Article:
Mr. Weasley turned to the guard. "If we may speak alone?" But the guard simply stared at him.
Harry said, "We are alone . . . he doesn't speak English."
"Ah. Yes." He stepped closer. Harry appeared gaunt on top of poorly slept. "Are they feeding you all right?"
"Is that what you came to ask in the middle of the night?"
Mr. Weasley held up his hands to ward off his anger. "No. But I'm asking anyway, after getting a look at you."
Harry shrugged. "I'm not always hungry. Believe me, they regularly try to stuff me full of fancy French food."
"Well, good, at least you aren't being abused."
- 888 -
Harry resisted answering Mr. Weasley just to be difficult. This whole situation felt, if not abusive, then at least lacking in consideration of his rights. But honesty won out, and he said, "No. Not for the most part. One guard here doesn't particularly like me, but the warden said he wouldn't assign him to me anymore."
Mr. Weasley contemplated him. "In that case, you are being treated extremely well given how these places are normally run. But as you implied with your biting question, that is not why I am here. I'm here because someone has been sending poetic letters in your name. Molly even received one."
"Poetic letters?" Harry echoed, sleepy mind slow to comprehend, but it snapped in place. "From the poets here?" Mr. Weasley nodded, and Harry added, "Well, it wasn't me."
"I know that, Harry. They are being sent to your biggest allies, to mute their complaint about your situation." Mr. Weasley began to pace. "So I asked around and discovered that one of the two translators that come here every few days to help censor your post, is my son, Percy."
Harry felt heat course through his arms and neck. A cell door rattled, but he pulled back on his anger and it stopped.
Mr. Weasley paced back the other way. "I'm trying to understand what is happening here."
"No, you aren't," Harry heard himself say. That energy had filled him again, and it gave him clarity and no desire to withhold his thoughts. "You aren't trying to understand; you are unwilling to suspect him of anything. You always think the best of people until it is too late." From the back of Harry's mind came the wry notion that Mr. Weasley gave him exactly the same benefit.
Mr. Weasley did not reply right away. "Do you have anything besides suspicion, Harry?"
"Do you?" Harry returned immediately.
"I'm close," Mr. Weasley admitted.
"You won't find any proof if you don't want to find it," Harry calmly pointed out, feeling victory in that small cruelty. The shadows hummed in the air, but apparently only he could feel it, based on Mr. Weasley's lack of reaction. It was as if Harry stood at the center of a circle of power, and could draw on it at will, if only he wished to. If he kept it narrowly focused he remained in control; more than that and it would overtake him.
Mr. Weasley must be sensing something because he was watching him now, with curiosity and wariness. Harry remained silent and saw in Mr. Weasley's eyes that his thoughts returned to worrying about Percy and how to approach him. Harry said, "It would be foolish to confront him directly, since it would tip your hand."
Mr. Weasley turned abruptly on his toes and resumed pacing. "I believe I better understand Ginny's concerns about you," he said without looking up. "I would move you, Harry, to the dungeon at the Ministry, if I did not fear it would constitute the perfect trap for someone wishing to do you harm. Many, many people have access to the dungeon.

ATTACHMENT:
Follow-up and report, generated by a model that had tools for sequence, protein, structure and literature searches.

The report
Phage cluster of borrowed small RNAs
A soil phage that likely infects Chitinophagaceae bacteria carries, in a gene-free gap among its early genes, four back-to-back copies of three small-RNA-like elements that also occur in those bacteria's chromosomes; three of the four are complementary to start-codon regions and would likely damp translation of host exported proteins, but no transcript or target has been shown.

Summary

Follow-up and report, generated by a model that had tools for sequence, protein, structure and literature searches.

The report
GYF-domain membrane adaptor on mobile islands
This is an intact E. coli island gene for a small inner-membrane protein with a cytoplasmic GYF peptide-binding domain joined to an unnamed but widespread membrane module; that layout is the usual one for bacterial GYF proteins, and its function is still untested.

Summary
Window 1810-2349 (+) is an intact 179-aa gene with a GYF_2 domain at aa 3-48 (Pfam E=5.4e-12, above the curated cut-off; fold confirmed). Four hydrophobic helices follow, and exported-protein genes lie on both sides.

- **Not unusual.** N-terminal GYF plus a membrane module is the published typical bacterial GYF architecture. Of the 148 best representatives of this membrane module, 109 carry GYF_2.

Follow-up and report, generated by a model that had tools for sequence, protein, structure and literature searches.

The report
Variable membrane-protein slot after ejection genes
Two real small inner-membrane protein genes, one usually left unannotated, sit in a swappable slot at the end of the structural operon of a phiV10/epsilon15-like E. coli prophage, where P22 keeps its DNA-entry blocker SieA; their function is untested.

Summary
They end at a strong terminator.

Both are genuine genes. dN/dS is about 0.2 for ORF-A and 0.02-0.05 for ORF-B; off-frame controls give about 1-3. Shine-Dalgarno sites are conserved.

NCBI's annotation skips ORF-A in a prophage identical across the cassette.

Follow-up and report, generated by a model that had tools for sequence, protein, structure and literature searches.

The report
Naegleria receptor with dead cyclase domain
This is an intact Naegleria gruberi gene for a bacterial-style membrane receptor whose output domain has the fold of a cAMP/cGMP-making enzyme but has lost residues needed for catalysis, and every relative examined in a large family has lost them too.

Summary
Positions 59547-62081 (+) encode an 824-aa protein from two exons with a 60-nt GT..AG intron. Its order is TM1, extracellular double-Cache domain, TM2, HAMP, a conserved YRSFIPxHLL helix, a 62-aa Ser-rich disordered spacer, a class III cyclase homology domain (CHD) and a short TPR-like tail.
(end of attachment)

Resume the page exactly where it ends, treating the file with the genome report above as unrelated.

"You needn't to worry about me," Harry said mockingly. He did not mean to but the power hungered to be on top.
Mr. Weasley finally met Harry's gaze, because he forgot not to. "That's not true. You remain my responsibility, in more ways than one."
"I'm tired of being everyone's responsibility," Harry snapped. "You, the warden, Severus. . . I can take care of myself."
Mr. Weasley frowned and let that go. "If Percy is involved, then we-"
"If Percy is responsible, you mean."
"Involved. Then we are much closer to getting you out."
"Because the investigation is at a dead end otherwise," Harry supplied, mocking again. "I won't wait in this place forever."
"It's not even been two weeks," Mr. Weasley countered, finding some sharpness.
Harry sighed lightly. "It may feel like it to you. It feels like months to me."
"I know, Harry. And I am sorry for that. It was all supposed to be straight by now."
He did sound sorry, which sucked the thickest darkness out of Harry. But thinking of Snape, trapped in that miserable world made him say, "Another week is all I will stay."
Mr. Weasley glanced around, assessing the walls. "I'm not certain what you think you are going to do, but your timeline is duly noted."
"Fine," Harry said, crossing his arms. "Just so you're informed."
Mr. Weasley exhaled and swung his arms once. "On another topic. My daughter is rather cross with me for not bringing her here to see you. You sent her a letter that sent her on a mission of sorts." When Harry did not reply, he went on. "Can I take her a message from you. Something that might perhaps get me off her Worst Dad in the World list?"
Harry felt for the shadows around him. He could no longer discern where he ended and they began. "Tell her to be careful. Do her readings."
Mr. Weasley complained, "She's going to think I made that up."
Harry smiled faintly and felt like himself again in a rush. "Tell her she needn't panic but just stay alert."
"That will have to do, I suppose," Mr. Weasley tiredly said. "I believe the warden is looking out for you, above and beyond what we expected, but if there is anything you need, do let us know. I wish you would be more patient with us, Harry."
"You don't know how hard it has been to stay here even this long," Harry said. "You don't understand much of anything."